Hong Kong media is reporting that China has objected to remarks by the Belgian Foreign Minister in which she expressed concern about Chinese minority stakes in two Belgian ports. According to the South China Morning Post report, Foreign Minister Hadja Lahbib was responding to a new academic report titled “Every Ship a Warship,” which raised concerns about the “growing politicisation and militarisation of China’s civilian maritime sector:”
October 31 ‚2022 Earlier this month, Belgian officials were visited by furious Chinese diplomats who warned that negative comments from the country’s foreign minister could jeopardise bilateral trade. They demanded that Foreign Minister Hadja Lahbib retract interviews she had given to local media, in which she described Beijing as “a potential enemy”, according to a diplomatic cable seen by the South China Morning Post. Lahbib had been asked about an academic report on Chinese investments in Belgian port infrastructure, titled “Every Ship a Warship”. The report, written by Brussels-based academic Jonathan Holslag, raised alarm about the “growing politicisation and militarisation of China’s civilian maritime sector”. State-owned China Ocean Shipping Company, better known as Cosco, owns minority stakes in the Antwerp and Zeebrugge ports on the North Sea coast, a fact that Lahbib said she was uncomfortable with. “I believe above all that in the current context, our eyes are turned to China, which is a partner, a rival and a potential enemy,” Lahbib said. “Civilian ships are being modified to potentially become military ships. We have to think about it and be very careful.” Germany backs port bid by China’s Cosco shipping despite security warnings 26 Oct 2022 Her comments struck a nerve. Wu Gang, minister-counsellor at the Chinese embassy in Belgium, demanded a meeting with Belgium’s top official for Asia. At a meeting on October 14, according to the cable, Wu warned that the minister “must be careful not to listen to irresponsible academics who peddle baseless rumours to harm China”. “Maritime trade and economic activity between our ports is a lucrative activity for Belgium which must be respected if it intends to continue,” said Wu, according to the cable.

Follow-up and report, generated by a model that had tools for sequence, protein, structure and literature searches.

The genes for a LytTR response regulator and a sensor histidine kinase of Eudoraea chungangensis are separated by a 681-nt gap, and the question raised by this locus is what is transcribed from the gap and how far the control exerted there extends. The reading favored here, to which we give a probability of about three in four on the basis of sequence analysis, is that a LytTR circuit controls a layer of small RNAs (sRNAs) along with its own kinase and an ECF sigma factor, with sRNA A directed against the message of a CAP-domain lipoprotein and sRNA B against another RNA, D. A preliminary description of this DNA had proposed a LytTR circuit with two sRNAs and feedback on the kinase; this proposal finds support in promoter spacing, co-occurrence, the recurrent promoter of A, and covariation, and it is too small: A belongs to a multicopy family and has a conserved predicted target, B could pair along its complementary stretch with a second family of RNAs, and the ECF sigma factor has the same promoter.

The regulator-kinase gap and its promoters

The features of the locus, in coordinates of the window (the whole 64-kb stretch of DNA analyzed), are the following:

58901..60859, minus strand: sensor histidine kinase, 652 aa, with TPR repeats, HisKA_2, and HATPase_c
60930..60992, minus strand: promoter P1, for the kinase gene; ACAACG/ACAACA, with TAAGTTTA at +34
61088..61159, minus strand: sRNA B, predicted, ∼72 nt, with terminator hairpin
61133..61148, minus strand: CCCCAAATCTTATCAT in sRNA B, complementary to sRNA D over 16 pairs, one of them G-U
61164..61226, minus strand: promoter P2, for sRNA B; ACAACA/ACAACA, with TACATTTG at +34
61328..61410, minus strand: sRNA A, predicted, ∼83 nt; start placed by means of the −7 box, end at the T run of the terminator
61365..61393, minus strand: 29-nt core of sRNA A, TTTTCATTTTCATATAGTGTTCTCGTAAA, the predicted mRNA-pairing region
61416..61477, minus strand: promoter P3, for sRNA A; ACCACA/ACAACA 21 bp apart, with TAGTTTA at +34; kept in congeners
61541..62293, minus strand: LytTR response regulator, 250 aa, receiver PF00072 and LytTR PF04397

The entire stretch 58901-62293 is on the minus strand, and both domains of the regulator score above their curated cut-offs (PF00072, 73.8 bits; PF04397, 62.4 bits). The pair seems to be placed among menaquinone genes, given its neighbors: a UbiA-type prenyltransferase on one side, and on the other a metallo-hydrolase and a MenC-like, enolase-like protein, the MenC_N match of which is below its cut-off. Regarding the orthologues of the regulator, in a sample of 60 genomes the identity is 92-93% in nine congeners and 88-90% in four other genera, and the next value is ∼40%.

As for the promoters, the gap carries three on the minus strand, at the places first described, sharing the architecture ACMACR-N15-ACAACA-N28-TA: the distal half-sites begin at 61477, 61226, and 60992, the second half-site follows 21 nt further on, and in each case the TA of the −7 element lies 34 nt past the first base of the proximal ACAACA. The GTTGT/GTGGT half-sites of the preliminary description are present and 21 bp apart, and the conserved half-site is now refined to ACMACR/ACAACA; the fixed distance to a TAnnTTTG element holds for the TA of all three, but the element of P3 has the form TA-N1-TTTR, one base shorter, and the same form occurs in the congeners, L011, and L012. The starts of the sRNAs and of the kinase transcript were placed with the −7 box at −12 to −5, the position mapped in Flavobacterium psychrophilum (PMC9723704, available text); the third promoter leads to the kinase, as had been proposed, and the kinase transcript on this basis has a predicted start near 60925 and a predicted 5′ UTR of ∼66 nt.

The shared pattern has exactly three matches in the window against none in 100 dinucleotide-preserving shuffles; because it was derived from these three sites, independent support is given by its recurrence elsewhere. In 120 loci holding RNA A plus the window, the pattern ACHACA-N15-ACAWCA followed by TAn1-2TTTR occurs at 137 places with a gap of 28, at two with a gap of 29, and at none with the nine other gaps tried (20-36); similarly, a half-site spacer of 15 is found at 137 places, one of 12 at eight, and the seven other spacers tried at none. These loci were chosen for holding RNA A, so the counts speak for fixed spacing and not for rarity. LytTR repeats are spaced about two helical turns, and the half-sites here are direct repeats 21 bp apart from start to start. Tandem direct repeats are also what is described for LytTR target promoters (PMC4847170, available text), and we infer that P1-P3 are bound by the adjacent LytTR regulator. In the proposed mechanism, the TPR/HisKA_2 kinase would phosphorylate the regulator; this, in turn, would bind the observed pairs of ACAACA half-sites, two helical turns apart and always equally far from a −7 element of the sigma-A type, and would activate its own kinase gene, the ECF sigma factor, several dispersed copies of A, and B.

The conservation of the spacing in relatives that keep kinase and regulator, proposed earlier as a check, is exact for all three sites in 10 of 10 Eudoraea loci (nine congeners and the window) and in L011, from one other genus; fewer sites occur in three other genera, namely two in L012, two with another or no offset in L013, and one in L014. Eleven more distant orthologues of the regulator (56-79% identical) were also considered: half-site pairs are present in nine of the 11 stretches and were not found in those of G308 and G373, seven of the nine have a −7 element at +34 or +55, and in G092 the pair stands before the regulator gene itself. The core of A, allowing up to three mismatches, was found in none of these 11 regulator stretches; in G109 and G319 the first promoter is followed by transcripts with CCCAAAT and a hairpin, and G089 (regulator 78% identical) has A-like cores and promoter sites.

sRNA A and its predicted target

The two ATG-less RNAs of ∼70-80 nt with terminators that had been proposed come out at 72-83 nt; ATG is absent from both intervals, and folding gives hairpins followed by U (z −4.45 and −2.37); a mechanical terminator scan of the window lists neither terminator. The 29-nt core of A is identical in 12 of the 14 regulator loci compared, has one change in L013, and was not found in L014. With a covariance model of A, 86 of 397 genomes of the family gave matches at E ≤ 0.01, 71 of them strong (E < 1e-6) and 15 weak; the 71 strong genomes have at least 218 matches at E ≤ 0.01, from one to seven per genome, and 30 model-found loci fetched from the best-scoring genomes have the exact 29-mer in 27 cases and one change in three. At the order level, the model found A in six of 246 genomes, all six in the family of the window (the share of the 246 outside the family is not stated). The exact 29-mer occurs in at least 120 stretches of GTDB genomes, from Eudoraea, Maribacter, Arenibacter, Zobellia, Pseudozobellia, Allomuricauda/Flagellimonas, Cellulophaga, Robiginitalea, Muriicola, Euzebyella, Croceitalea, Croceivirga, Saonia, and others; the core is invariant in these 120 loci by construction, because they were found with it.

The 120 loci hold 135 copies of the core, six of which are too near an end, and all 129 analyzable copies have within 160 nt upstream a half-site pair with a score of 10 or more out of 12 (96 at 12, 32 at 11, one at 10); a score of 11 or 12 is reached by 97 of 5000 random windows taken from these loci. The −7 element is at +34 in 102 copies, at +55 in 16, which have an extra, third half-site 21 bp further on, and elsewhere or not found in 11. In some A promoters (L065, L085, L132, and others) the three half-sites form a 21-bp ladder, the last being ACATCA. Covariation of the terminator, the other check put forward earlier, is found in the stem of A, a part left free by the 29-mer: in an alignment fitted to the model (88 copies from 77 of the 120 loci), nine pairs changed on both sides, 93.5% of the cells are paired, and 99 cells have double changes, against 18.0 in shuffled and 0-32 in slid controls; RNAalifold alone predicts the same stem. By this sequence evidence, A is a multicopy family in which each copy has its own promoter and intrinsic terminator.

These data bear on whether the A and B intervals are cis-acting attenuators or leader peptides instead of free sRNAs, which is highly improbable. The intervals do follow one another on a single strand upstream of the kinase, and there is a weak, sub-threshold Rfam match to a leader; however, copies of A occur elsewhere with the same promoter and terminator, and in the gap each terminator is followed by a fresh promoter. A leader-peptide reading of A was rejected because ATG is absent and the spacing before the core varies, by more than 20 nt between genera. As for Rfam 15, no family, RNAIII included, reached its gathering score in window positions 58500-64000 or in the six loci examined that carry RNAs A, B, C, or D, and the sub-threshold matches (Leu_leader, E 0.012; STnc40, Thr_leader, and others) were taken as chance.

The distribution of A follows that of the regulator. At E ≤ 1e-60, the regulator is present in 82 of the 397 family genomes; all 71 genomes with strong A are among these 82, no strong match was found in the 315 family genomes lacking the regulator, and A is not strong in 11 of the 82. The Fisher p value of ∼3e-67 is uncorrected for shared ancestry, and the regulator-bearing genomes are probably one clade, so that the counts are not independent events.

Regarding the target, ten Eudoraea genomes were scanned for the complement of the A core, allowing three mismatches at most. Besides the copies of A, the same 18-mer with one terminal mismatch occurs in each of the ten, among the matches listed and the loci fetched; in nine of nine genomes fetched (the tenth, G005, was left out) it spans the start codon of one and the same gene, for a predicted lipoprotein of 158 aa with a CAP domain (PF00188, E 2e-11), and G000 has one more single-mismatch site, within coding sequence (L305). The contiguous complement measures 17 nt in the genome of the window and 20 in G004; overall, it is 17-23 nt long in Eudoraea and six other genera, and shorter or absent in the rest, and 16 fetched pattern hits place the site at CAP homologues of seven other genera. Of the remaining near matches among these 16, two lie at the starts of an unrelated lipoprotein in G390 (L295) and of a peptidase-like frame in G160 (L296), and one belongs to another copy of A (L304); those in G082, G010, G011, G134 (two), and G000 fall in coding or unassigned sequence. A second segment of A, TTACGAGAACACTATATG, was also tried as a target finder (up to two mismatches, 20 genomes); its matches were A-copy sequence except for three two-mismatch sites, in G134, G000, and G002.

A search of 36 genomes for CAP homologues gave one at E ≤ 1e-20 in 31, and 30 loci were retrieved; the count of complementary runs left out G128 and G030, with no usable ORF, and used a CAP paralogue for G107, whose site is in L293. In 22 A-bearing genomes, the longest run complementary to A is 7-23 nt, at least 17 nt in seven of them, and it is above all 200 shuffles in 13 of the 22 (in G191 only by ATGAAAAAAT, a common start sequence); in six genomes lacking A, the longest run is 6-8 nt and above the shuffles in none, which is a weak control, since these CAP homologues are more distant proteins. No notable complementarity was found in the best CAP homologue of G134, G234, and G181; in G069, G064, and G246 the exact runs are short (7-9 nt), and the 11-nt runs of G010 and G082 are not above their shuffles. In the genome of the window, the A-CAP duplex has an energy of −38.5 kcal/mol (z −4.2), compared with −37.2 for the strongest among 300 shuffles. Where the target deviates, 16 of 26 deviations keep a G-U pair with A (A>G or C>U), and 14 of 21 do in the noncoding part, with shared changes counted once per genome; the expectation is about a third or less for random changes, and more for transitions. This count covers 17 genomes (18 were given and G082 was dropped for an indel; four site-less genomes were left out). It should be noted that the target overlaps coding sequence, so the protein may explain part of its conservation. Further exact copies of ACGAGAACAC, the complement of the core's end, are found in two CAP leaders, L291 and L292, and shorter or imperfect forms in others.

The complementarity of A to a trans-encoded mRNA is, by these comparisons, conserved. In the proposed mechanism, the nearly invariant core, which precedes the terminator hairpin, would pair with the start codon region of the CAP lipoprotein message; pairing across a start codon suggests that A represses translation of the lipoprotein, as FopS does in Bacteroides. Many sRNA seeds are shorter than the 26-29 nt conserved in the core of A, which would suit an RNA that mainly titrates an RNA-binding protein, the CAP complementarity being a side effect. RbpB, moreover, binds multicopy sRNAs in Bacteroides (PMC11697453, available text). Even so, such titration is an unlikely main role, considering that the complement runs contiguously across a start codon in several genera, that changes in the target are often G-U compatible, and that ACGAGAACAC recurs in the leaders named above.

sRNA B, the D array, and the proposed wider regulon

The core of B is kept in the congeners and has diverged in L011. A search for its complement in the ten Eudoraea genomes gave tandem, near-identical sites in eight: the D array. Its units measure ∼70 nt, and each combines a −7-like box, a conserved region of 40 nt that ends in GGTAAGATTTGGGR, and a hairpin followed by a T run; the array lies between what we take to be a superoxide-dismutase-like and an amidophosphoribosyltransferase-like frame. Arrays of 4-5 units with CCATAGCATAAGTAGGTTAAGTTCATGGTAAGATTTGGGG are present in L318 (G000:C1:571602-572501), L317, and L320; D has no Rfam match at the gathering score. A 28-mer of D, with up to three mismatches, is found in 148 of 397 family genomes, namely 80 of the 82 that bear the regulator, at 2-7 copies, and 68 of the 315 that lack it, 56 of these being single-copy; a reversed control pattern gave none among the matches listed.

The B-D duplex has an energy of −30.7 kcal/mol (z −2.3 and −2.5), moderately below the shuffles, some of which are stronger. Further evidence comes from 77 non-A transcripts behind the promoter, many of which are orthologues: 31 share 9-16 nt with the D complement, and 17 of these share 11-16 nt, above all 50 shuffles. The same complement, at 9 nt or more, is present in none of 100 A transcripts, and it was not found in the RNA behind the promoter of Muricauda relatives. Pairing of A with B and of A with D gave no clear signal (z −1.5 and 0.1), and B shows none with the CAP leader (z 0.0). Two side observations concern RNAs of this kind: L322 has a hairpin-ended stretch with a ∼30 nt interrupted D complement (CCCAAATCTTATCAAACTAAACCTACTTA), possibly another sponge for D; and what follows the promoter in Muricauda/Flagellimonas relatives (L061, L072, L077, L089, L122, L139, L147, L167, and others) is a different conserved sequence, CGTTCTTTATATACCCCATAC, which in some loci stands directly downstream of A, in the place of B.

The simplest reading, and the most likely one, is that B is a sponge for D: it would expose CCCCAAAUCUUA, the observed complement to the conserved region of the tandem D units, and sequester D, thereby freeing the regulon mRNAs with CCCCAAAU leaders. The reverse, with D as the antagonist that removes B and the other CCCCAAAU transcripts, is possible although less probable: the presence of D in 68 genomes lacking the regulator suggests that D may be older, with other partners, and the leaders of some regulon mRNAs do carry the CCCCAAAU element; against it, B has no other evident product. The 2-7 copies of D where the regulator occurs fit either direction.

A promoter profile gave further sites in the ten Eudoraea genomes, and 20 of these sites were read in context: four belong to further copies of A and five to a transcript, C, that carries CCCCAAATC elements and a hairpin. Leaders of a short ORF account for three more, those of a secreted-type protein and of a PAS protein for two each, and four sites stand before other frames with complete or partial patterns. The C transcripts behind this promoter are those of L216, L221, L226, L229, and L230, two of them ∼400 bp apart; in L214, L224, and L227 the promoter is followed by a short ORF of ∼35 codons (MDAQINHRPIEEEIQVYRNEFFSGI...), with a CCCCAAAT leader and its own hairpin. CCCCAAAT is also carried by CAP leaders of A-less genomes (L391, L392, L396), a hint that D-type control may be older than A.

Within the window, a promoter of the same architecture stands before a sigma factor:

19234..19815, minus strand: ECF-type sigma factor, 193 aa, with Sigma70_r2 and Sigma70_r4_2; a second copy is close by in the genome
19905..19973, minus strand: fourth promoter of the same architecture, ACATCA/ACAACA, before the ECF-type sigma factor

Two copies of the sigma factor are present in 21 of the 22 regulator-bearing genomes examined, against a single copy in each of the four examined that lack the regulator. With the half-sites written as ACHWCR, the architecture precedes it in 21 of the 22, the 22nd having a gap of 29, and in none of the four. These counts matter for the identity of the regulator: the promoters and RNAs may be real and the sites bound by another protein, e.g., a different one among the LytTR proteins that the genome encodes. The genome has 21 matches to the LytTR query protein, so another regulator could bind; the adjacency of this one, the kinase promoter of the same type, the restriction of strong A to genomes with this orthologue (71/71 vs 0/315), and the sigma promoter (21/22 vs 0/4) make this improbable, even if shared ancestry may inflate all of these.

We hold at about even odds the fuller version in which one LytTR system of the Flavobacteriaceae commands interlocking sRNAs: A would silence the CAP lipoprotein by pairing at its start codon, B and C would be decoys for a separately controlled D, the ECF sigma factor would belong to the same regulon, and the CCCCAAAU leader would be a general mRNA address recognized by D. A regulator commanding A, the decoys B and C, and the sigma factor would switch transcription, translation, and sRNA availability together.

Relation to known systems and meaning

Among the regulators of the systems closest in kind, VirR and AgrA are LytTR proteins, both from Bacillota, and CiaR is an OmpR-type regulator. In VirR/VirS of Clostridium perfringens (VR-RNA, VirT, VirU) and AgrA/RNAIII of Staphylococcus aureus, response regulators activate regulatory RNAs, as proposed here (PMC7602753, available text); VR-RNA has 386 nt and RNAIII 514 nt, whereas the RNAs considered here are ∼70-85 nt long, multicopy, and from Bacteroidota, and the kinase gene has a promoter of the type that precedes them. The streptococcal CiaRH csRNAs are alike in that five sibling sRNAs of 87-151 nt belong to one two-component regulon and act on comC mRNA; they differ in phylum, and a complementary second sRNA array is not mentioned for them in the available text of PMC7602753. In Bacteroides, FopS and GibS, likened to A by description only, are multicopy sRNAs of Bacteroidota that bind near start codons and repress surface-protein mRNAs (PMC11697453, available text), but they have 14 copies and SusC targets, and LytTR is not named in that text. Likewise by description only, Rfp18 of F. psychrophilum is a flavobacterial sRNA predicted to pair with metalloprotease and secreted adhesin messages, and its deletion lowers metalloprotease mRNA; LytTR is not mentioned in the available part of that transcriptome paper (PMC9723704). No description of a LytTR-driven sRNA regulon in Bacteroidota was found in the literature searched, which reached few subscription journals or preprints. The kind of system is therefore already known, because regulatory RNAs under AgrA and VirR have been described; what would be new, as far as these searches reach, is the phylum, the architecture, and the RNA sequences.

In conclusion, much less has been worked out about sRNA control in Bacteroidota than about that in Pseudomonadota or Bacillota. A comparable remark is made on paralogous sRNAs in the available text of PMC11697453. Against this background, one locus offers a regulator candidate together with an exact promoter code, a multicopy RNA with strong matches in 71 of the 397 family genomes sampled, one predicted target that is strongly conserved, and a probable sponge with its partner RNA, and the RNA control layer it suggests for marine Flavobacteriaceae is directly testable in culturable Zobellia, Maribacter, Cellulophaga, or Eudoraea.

The report goes on to note that the Belgian controversy arose the same week that Germany had approved a minority stake for Cosco in a Hamburg port and that experts were warning about the potential “dilution of EU foreign policy” as a result of these Chinese investments:
The incident, first reported in Belgian media, has added fuel to a fiery debate in Europe about Chinese investments in critical maritime infrastructure. The cable was leaked in the same week that Germany approved a 24.9 per cent Cosco investment in its busiest container port terminal in Hamburg – despite warnings from six ministries and the European Commission that it could be a national security risk. Defenders of the deal point to the reduced ownership stake Cosco was permitted to take. At less than 25 per cent, German corporate law dictates that it can have no voting rights. But experts are warning that the company’s efforts to assemble such assets around Europe makes governments less willing to speak out against China when necessary, with the cumulative impact being a dilution of EU foreign policy.
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According to US media, Cosco already owns stakes in other critical European infrastructure:
Cosco already owns stakes in Europe’s two largest ports at Rotterdam and Antwerp, while it also controls the port of Piraeus in Athens and is behind a scheme to expand an inland rail terminal at Duisburg where the Ruhr and the Rhine rivers meet and which is a mmajorfor overland freight arriving from China.